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Red Sox 4, Twins 8: The Panda of discontent

The Red Sox took a gift win and turned it into a loss.

Winslow Townson/Getty Images

The Red Sox turned in another catastrophic performance Thursday night, thwarting Minnesota's best attempts to gift them a win by handing it right back on a silver platter. And there was perhaps no player more responsible for the 8-4 defeat than Pablo Sandoval, whose month long slide has hit a new low.

All was well early on for the Red Sox, if not exactly impressive. Steven Wright was doing his usual thing. He wasn't untouchable and almost cost himself a run with a mistake on defense in the fourth, but Torii Hunter ran into an out at home, and Wright was able to head into the fifth with a clean record. Through four, it wasn't just another solid start, but arguably his best so far this season.

The Twins, meanwhile, had apparently been infected by some of the old April Red Sox opponent spirit. Tommy Milone could only watch in horror as the bases were loaded up in the first on three infield singles from Dustin Pedroia, Mike Napoli, and Xander Bogaerts. But up to the plate came Pablo Sandoval, and five pitches later Milone was out of it with a fly ball for out number three.

If his luck had been atrocious in the first, though, it only got worse in the second. Mookie Betts manage to grab two bases on little more than a bloop to right field, and after a two-out walk to Dustin Pedroia, the Red Sox produced yet another infield single that would have loaded the bases had Mookie Betts not taken a wide turn around third, inducing a throw that likely would have had him dead in the water.had Trevor Plouffe not dropped it, allowing Betts to come in to score the first run of the game. An error from Eduardo Escobar on David Ortiz' ground ball allowed another run to score, and Mike Napoli even managed the fifth infield single of the first two innings to load the bases once more before Xander Bogaerts flew out to mercifully end the frame with just two runs in.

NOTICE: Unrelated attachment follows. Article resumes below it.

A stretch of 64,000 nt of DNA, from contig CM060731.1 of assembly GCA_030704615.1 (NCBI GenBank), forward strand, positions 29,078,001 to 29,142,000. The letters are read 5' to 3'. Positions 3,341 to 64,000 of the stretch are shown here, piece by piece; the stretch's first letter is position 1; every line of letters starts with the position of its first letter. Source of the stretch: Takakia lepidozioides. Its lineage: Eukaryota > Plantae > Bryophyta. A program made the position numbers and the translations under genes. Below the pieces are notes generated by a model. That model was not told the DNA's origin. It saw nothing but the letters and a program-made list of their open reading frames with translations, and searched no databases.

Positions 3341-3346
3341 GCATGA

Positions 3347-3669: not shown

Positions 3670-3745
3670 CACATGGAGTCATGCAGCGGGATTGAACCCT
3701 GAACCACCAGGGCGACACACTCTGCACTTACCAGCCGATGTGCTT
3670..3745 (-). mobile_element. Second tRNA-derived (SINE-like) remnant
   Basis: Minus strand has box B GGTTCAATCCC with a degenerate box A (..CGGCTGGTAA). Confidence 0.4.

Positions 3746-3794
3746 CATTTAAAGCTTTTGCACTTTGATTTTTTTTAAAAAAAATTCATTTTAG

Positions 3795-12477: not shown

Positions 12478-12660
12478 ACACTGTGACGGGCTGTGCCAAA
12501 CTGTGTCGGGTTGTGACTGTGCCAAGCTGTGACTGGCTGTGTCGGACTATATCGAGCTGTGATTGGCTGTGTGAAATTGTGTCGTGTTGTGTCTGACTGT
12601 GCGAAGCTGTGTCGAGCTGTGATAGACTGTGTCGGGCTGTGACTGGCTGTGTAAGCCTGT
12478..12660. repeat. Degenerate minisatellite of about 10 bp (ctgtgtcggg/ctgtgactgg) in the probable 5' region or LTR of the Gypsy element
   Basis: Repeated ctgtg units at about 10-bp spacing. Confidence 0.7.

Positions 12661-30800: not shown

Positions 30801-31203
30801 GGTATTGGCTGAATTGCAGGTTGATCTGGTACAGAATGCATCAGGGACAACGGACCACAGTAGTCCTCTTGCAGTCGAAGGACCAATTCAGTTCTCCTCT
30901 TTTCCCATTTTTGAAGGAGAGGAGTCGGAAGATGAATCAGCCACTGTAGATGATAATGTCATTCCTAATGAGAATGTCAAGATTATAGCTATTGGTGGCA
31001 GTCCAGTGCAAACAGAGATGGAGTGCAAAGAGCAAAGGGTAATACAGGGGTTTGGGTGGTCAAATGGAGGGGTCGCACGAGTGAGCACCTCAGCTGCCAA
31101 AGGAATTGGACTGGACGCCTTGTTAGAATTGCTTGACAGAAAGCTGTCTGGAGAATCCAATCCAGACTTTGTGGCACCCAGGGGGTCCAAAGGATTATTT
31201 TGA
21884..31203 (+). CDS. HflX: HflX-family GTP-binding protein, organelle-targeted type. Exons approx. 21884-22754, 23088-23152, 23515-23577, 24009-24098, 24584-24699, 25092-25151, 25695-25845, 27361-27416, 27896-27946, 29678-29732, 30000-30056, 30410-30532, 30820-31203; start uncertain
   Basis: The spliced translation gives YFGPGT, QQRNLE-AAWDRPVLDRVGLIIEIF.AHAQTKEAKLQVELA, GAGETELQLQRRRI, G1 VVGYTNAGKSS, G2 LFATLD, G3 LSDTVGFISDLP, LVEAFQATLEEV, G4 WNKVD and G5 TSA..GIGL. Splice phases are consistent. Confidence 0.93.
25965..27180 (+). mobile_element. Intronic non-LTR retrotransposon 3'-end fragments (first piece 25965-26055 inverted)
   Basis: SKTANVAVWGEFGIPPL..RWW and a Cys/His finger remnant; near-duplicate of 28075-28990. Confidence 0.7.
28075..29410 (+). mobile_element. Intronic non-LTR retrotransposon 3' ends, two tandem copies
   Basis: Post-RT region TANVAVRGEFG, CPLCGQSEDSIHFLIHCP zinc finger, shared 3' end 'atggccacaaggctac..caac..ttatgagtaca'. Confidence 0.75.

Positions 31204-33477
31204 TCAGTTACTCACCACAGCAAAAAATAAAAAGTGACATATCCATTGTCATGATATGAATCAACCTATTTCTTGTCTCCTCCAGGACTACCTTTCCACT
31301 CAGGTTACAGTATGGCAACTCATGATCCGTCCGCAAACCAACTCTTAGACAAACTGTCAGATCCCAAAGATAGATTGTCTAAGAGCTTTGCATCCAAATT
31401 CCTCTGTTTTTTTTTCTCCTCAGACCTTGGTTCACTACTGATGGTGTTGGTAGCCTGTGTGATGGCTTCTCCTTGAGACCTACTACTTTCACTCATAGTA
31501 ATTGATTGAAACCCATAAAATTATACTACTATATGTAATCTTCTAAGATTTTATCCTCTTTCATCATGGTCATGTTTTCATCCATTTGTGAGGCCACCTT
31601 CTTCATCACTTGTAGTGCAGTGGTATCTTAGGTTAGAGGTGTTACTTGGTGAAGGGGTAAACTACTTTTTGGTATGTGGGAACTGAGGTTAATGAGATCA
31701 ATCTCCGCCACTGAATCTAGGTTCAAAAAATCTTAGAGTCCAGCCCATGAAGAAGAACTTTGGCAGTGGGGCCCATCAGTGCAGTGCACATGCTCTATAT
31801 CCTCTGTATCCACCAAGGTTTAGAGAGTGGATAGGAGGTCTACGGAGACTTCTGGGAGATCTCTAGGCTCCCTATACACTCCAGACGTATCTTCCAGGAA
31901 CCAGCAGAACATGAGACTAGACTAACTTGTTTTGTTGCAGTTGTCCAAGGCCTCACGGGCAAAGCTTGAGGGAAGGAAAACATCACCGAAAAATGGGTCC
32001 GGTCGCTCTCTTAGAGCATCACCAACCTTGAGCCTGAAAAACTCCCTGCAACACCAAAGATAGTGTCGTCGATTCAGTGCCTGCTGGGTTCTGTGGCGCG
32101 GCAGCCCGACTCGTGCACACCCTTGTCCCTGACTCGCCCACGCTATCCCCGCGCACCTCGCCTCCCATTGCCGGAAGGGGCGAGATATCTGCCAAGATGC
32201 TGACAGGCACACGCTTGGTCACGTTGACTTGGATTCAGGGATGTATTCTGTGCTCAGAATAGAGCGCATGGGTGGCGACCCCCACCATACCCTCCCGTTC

There was nothing cheap, however, about the next two runs the Sox produced. Each came on a solo homer, the first off the bat of Blake Swihart in the third--his first career home run in the majors--the second off Dustin Pedroia's in the fourth.

So just to recap, the Red Sox went into the fifth inning with four shutout innings from their pitcher having loaded the bases twice in the first two innings, picked up five infield singles, had two errors committed by the Twins, and produced two homers.

And they lost.

They lost because Minnesota's homer came not with the bases empty, but after a pair of singles--one, of course, on the infield--in the fifth, bringing the score to 4-3. They lost because in the sixth, Pablo Sandoval made an errant throw on what would have been the third out of a 1-2-3 inning, allowing Kurt Suzuki to later knock in Eduardo Escobar to tie it up. They lost because Hanley Ramirez turned an out at first into an out at third and Mike Napoli was bafflingly sent home from first on a bloop to right leaving him out by a mile. And they lost because in the ninth, Koji Uehara allowed a pair of singles, and when Joe Mauer dropped down a terrible bunt that should have been at least an out at third, Sandoval let it get past him into left field. It all fell apart from there, with human white flag Craig Breslow trotted out to take a close loss and push it all the way out of save territory.

The Red Sox were handed a win today. Handed it by the baseball gods and the Twins defense free of charge. And they gave it right back, with interest besides.